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J Lab Med Qual Assur. 2012 Jun;34(1):43-49. English. Original Article.
Won D , Jeong TD , Yoon NS , An D , Kim MN , Kim JQ .
Department of Laboratory Medicine, University of Ulsan College of Medicine and Asan Medical Center, Seoul, Korea.
Konkuk University, Seoul, Korea.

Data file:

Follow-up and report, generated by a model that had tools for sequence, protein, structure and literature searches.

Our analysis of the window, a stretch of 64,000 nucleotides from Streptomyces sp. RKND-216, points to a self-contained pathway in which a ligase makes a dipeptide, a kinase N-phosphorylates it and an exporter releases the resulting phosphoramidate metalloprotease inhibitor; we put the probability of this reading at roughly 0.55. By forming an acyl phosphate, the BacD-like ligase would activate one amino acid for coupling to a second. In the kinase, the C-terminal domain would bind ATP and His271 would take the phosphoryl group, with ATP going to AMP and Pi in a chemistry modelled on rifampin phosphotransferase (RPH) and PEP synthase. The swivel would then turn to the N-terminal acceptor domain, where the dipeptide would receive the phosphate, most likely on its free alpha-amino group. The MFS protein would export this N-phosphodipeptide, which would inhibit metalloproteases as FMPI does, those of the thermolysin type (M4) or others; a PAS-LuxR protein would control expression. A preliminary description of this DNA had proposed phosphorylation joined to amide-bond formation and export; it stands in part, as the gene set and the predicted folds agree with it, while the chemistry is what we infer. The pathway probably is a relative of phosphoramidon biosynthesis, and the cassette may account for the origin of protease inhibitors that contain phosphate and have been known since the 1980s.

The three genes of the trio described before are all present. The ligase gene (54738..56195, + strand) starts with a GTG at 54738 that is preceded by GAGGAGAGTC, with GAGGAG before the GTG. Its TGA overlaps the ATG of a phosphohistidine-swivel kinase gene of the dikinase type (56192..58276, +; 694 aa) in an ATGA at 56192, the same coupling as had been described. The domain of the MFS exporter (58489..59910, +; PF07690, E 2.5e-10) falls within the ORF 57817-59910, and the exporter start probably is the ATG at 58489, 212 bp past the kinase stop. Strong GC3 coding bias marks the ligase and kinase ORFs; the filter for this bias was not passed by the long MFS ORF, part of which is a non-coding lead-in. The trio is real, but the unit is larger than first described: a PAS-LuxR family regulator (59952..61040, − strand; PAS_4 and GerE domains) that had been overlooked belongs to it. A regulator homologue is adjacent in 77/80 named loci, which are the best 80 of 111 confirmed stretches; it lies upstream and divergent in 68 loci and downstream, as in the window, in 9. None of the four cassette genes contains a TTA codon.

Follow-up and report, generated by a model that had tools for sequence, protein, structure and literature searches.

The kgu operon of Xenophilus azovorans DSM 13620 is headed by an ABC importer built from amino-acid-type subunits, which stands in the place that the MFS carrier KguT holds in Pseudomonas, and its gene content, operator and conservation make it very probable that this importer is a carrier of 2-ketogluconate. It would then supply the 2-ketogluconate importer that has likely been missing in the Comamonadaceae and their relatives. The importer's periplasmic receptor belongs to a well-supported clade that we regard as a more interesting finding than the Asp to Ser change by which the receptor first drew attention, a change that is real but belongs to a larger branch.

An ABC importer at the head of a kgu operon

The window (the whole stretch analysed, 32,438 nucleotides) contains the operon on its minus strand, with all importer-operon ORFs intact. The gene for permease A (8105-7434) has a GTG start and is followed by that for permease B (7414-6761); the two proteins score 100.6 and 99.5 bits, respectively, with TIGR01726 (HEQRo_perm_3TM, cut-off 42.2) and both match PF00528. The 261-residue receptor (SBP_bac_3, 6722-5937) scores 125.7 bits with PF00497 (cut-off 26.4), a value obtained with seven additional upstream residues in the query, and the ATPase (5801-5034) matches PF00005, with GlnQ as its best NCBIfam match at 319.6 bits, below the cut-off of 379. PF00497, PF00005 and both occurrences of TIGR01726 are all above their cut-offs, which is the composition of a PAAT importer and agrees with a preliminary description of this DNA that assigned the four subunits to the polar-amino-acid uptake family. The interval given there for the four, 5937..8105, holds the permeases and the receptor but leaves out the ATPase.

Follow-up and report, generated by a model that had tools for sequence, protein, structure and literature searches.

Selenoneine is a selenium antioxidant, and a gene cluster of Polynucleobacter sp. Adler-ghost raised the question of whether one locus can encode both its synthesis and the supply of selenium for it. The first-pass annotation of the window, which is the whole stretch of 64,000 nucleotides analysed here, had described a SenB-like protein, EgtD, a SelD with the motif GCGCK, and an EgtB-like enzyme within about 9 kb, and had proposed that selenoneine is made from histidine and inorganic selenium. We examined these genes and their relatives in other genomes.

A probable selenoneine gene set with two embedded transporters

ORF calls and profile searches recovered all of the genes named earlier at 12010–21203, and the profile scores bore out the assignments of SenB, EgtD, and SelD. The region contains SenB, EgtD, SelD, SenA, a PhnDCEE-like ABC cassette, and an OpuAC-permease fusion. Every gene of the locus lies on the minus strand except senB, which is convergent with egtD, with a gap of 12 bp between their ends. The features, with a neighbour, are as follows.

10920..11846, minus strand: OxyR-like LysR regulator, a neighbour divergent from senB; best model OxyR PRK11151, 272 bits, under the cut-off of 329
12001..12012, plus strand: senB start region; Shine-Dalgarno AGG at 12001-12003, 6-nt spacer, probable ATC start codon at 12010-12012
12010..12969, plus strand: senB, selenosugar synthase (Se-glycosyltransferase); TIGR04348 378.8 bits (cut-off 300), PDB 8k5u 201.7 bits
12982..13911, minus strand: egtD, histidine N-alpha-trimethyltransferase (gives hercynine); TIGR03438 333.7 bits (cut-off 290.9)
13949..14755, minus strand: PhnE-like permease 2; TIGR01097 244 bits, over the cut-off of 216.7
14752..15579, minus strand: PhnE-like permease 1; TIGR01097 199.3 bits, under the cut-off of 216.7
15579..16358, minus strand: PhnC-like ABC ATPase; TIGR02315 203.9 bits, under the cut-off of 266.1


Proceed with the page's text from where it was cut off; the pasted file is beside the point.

BACKGROUND: In 2010, the Clinical and Laboratory Standards Institute (CLSI) revised the minimum inhibitory concentration (MIC) breakpoints of cephalosporins and aztreonam to exempt extended-spectrum beta-lactamase (ESBL) confirmatory tests for Enterobacteriaceae. However, the CLSI did not change the MIC breakpoint of cefepime. Here, a proficiency survey of a strain of ESBL-producing Klebsiella pneumoniae was analyzed for MIC distribution and interpretation of cephalosporins and aztreonam. METHODS: The survey strain, K. pneumoniae, which produced SHV-18, was distributed to 170 clinical laboratories as 1 of 5 presumptive clinical specimens through the proficiency survey of the clinical microbiology division of the Korean Association of Quality Assurance for Clinical Laboratories (KAQACL). MIC, zone diameter of inhibition (ZDI), and interpretation of tested antimicrobials, methods of antimicrobial susceptibility testing (AST), and ESBL confirmatory results were collected. RESULTS: According to the revised breakpoints of the 2010 CLSI guidelines, MIC results indicated resistance to aztreonam in 100%, cefepime in 5.5%, cefotaxime in 20%, ceftazidime in 100%, and ceftriaxone in 100% of samples by broth microdilution methods. ZDI results also indicated resistance to aztreonam in 75%, cefepime in 0%, cefotaxime in 66.7%, ceftazidime in 100%, and ceftriaxone in 80% of samples by disk diffusion method. Ninety (75.6%) participants performed an ESBL confirmatory test, and 89 (98.9%) reported ESBL-positive tests. Of the 55 laboratories that tested the susceptibility of cefepime, 50 (90.9%) self-reported to be "resistant" because of ESBL-positive results. CONCLUSIONS: In conclusion, susceptibility testing of ESBL producers against certain cephalosporins is not reliable enough to apply the revised breakpoints presented in the 2010 CLSI guidelines. It is therefore necessary to reach a consensus for interpretation of ASTs of ESBL producers in Korea. Ideally, clinicians should be provided two interpretations based on both the revised breakpoints and ESBL confirmatory testing.

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